Friday, June 24, 2016

A Brilliant Jenufa from SF Opera


Malin Bystrom as Jenufa. All photos by Cory Brewer.
Janacek’s Jenufa
San Francisco Opera
June 22, 2016

After seeing a performance of this brilliant 1904 opera, the question would be, Why don’t we see Jenufa more often? I’d be more than willing to sacrifice a few Carmens, Butterflys and Traviatas if it meant seeing and hearing more Janacek.

Of course, the main culprit could be the composer. He was simply too far ahead of his time. Though the mood of this thriller retains the feel of Romanticism and verismo, Janacek’s use of speech-inspired vocal lines, folk modalities and through-composing was quite predictive of the century to come. His use of repetitive rhythmic patterns beneath the singers anticipate the sonic cycling of minimalists like Glass and Adams by seventy years!

The story, based on a play by Gabriela Preissova, is a bit like The Scarlet Letter with a killing edge. Village girl Jenufa is in love with pretty-boy Steva, while his more common stepbrother Laca is mad for Jenufa. But Jenufa is pregnant with Steva’s child, and the whirlwind of opinion is already under way. Her frantic mother, the Kostelnicka, suffered years of marriage to a drunken weakling and sees Steva as the same. Laca, meanwhile, is so crazy-jealous that he slices Jenufa’s cheek, if only to scar the face that his stepbrother loves. It’s a tribute to the complexity of Preissova’s story and Janacek’s libretto that this heinous act does not necessarily rule Laca out.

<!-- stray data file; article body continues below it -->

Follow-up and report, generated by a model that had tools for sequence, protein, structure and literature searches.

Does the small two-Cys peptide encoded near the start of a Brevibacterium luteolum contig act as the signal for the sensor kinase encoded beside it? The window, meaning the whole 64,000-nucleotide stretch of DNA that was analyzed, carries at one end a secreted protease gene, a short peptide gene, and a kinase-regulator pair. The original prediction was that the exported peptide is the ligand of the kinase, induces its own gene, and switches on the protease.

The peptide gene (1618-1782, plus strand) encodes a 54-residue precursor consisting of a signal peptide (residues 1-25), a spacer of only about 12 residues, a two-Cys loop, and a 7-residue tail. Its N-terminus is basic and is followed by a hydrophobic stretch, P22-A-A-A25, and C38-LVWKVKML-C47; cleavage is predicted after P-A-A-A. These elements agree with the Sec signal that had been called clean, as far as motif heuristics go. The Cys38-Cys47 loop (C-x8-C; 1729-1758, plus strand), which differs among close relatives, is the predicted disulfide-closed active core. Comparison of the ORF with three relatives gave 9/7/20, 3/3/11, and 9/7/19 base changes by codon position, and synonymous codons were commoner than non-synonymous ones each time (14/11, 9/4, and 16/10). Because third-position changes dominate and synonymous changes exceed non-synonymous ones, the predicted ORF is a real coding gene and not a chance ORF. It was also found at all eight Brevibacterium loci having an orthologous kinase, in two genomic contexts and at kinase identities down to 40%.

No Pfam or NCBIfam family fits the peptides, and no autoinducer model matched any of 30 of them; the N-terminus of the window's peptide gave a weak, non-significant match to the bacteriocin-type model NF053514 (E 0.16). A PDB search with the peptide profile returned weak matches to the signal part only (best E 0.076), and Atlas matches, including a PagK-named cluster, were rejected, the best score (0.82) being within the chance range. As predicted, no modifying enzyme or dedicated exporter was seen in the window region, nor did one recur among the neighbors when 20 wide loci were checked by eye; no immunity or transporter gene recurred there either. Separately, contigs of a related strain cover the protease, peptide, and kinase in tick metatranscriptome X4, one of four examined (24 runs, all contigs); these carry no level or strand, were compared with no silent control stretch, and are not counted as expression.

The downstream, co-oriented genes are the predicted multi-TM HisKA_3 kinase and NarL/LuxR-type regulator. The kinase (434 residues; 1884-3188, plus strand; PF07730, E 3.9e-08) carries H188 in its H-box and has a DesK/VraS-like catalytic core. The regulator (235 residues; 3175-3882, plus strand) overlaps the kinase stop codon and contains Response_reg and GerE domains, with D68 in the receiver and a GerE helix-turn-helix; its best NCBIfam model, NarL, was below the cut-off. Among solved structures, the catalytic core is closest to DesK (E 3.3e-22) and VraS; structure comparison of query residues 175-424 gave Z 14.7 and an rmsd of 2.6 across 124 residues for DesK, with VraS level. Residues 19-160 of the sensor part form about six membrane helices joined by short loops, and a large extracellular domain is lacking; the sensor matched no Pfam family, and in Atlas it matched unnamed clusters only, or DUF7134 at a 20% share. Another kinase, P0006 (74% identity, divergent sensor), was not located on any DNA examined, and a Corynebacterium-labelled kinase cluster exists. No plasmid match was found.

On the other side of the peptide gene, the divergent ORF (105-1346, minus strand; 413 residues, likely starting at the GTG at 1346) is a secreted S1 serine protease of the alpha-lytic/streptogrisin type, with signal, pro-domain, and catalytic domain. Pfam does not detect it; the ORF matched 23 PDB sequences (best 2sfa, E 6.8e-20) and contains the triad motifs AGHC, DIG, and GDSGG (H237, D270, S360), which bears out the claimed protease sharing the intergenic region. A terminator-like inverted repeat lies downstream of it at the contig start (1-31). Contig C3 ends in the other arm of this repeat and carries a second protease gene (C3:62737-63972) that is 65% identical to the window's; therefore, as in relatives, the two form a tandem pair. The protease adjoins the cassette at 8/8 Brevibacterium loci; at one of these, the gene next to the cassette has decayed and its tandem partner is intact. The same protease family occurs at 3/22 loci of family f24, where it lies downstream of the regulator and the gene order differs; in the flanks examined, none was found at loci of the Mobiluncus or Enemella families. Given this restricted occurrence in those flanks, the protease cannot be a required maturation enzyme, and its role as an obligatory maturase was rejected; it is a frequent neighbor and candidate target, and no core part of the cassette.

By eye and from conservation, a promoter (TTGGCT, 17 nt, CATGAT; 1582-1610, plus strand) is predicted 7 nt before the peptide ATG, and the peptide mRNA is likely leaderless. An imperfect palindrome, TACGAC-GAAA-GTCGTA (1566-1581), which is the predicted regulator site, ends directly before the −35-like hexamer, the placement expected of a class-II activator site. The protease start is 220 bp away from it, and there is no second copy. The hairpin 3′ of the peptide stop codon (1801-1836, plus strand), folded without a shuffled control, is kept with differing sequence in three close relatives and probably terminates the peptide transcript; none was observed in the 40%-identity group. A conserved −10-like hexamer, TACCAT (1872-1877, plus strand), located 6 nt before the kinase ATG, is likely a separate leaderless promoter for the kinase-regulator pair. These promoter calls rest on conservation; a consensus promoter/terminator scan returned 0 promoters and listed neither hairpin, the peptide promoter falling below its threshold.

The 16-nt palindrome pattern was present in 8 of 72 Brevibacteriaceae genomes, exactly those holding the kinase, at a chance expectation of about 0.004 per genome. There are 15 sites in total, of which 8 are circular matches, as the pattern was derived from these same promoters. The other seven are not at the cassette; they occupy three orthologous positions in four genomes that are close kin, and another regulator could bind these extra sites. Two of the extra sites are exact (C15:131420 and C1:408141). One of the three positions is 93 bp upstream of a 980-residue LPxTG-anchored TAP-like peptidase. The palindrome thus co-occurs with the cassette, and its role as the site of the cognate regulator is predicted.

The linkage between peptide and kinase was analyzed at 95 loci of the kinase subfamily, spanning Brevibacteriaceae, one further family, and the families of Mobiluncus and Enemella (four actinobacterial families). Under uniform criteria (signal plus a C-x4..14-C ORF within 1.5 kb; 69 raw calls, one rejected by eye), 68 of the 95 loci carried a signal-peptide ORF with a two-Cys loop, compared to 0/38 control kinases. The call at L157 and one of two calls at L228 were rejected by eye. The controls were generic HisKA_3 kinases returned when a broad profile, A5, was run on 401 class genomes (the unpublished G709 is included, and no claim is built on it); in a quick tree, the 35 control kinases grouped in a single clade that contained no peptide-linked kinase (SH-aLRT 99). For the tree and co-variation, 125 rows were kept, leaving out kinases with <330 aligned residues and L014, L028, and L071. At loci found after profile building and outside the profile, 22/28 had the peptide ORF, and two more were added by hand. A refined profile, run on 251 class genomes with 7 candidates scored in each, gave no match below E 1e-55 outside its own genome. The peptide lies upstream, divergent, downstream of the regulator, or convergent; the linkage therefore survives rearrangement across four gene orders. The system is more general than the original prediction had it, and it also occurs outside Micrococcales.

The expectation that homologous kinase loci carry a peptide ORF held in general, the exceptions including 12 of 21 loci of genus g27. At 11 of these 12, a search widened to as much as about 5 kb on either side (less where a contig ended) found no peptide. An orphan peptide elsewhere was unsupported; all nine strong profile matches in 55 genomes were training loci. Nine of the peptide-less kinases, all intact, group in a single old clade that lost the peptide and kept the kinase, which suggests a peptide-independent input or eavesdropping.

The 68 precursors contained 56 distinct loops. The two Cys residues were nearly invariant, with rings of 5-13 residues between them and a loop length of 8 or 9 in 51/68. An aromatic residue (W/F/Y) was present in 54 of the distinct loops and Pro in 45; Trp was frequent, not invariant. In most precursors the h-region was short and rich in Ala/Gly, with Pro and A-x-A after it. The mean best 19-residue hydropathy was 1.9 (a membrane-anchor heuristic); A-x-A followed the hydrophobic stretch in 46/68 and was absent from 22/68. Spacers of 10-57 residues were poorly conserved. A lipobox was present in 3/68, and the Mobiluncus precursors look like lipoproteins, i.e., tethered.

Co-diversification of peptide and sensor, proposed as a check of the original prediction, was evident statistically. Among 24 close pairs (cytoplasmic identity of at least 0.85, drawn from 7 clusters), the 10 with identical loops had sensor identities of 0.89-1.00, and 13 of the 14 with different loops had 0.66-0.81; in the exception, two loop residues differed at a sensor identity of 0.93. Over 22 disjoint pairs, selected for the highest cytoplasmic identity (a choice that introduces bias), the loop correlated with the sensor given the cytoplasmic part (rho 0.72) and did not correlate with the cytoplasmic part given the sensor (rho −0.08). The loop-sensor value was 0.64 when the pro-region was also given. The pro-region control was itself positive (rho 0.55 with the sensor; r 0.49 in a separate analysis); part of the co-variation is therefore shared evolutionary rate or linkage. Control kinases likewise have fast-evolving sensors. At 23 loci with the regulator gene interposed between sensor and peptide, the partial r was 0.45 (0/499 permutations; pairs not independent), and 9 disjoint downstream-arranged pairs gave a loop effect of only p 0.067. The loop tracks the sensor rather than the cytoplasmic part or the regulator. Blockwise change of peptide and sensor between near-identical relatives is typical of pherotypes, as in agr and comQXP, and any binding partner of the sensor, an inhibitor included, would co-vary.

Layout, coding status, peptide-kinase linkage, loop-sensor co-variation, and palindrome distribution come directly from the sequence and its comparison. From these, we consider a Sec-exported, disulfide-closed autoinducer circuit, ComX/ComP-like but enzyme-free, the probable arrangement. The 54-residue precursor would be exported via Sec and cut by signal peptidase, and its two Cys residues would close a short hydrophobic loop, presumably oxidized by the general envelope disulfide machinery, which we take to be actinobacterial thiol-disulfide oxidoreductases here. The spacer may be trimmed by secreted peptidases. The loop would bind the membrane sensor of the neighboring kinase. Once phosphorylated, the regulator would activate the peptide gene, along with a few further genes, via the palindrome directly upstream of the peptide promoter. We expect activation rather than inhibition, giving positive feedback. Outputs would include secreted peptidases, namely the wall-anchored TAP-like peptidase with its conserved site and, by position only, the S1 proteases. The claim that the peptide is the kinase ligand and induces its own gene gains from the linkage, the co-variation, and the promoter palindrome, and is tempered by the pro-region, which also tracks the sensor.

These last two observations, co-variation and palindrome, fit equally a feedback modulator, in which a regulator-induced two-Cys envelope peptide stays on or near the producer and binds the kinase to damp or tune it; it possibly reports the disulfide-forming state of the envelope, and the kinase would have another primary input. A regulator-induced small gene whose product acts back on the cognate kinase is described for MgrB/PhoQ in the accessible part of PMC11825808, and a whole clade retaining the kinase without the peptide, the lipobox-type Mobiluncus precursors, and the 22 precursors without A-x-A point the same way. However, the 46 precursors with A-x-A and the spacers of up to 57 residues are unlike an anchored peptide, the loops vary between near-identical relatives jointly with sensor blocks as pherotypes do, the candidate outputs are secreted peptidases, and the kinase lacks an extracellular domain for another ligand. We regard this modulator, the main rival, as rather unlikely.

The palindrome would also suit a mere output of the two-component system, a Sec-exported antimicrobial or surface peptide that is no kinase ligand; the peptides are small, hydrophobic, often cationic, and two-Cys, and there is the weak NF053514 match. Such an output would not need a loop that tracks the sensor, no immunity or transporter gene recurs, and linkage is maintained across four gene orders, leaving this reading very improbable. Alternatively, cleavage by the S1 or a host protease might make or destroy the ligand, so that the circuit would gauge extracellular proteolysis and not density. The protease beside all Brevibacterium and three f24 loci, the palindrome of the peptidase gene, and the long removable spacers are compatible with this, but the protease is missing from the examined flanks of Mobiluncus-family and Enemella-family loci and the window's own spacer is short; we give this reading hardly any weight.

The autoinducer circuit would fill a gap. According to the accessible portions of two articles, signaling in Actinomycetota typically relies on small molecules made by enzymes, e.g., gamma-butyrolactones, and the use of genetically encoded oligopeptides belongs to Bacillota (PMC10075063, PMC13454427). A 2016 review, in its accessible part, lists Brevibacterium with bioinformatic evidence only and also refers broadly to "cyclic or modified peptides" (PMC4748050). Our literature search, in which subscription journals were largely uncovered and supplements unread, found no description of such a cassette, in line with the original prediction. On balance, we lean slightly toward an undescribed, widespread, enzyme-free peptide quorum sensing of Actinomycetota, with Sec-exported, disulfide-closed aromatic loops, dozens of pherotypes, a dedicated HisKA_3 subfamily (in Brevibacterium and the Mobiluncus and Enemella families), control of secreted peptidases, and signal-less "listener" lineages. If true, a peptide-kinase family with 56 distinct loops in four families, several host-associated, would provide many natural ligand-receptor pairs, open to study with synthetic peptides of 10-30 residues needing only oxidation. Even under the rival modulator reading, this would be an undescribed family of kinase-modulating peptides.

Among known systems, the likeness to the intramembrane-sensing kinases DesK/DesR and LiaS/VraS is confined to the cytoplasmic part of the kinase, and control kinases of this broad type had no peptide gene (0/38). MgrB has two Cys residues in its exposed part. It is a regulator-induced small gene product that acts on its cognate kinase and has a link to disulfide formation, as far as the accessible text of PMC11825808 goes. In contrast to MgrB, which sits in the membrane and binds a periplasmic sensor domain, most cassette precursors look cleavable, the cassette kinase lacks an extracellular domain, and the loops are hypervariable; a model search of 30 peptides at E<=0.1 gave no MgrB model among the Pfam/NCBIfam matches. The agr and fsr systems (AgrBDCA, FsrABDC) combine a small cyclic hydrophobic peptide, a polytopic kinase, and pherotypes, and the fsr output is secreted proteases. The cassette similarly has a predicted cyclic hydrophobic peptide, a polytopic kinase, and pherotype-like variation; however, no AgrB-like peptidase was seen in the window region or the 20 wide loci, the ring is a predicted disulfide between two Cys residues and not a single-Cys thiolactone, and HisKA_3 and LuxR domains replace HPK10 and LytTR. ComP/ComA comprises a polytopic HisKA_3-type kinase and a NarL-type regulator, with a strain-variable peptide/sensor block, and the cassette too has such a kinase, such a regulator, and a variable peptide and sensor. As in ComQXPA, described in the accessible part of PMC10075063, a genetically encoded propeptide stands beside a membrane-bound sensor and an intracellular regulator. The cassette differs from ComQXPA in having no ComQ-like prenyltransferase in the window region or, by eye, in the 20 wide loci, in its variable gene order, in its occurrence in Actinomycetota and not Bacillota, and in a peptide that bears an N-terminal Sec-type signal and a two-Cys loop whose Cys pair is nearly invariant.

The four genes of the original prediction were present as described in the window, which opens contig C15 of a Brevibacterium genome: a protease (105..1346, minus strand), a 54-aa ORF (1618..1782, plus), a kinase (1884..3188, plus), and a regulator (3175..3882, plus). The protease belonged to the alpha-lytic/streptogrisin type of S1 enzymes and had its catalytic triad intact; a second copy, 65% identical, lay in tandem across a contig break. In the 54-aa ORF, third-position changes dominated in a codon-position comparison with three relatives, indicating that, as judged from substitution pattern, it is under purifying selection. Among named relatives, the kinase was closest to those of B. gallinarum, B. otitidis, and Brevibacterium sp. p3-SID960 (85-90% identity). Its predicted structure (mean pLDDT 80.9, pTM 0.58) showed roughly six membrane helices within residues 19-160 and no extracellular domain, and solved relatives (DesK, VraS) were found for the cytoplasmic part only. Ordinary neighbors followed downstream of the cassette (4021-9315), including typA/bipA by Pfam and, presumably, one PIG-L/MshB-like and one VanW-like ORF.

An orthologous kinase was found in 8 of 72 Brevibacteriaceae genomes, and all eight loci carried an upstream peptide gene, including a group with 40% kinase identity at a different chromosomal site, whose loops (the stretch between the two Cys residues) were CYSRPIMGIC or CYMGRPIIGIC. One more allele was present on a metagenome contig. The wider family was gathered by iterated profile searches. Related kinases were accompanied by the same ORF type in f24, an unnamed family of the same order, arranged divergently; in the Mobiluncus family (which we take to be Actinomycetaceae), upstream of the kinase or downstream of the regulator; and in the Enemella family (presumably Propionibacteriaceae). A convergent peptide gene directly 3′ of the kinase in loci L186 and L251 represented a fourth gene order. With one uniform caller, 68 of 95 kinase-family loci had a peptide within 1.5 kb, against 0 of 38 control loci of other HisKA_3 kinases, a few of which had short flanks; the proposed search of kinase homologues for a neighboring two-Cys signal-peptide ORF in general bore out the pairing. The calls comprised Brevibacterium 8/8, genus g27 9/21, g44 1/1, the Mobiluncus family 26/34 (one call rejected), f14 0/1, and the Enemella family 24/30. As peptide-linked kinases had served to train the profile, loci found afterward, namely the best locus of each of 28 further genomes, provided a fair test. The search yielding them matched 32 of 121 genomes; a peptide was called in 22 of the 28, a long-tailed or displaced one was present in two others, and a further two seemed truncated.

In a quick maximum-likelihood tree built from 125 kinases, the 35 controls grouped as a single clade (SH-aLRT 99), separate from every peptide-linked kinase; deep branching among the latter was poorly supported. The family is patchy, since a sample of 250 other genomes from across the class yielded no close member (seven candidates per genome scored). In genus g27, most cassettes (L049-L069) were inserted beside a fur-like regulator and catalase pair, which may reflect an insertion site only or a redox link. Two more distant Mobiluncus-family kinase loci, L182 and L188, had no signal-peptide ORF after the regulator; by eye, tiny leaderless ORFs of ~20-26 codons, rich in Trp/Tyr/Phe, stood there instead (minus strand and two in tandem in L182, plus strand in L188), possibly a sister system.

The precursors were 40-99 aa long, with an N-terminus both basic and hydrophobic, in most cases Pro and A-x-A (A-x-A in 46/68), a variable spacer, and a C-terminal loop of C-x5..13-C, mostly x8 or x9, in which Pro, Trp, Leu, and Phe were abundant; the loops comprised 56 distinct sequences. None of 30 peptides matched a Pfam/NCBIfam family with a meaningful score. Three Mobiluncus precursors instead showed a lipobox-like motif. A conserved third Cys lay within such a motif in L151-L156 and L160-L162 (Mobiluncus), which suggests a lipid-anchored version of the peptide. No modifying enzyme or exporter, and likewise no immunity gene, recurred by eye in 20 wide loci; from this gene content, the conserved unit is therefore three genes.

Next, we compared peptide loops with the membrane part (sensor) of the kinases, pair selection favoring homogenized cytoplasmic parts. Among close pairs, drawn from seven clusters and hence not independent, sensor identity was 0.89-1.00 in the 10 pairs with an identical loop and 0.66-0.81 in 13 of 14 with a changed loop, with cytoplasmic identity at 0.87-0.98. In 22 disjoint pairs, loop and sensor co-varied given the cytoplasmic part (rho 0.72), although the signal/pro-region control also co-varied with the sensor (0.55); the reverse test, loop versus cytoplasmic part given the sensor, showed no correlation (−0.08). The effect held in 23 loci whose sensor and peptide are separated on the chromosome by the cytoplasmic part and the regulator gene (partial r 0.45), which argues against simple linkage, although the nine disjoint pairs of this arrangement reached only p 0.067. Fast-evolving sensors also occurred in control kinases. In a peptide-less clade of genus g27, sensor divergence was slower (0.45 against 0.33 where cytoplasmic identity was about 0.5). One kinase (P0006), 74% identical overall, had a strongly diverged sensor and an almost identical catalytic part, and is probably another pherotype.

The performances, both vocal and dramatic, are dazzling. Finnish soprano Karita Mattila, last seen in SFO’s 2010 production of Janacek’s The Makropolus Case, delivers a compelling performance of the Kostelnicka’s second-act monologue, taking all of her character’s torment and lunacy and externalizing it – quite a trick of you can pull it off. Her pleas to Steva – meant to force him into “manning up” and taking responsibility for his bastard child – evoke the image of waves battering the shore, her vocal lines mirroring the propulsive, rolling feel of Janacek’s score.

As Steva, Scott Quinn displays a clear and resonant tenor, endowing his handsome narcissist with a man-about-town charisma. Playing Laca, William Burden offers something even more, a lirico spinto carrying such force and energy that it’s a little stunning. The vocal difference accentuates the character difference – Laca simply has more passion, especially in the second-act meeting with Jenufa (as the Kostelnicka tries desperately to salvage her daughter’s life) and the more lyrical, toned-down duet with Jenufa in the final scene.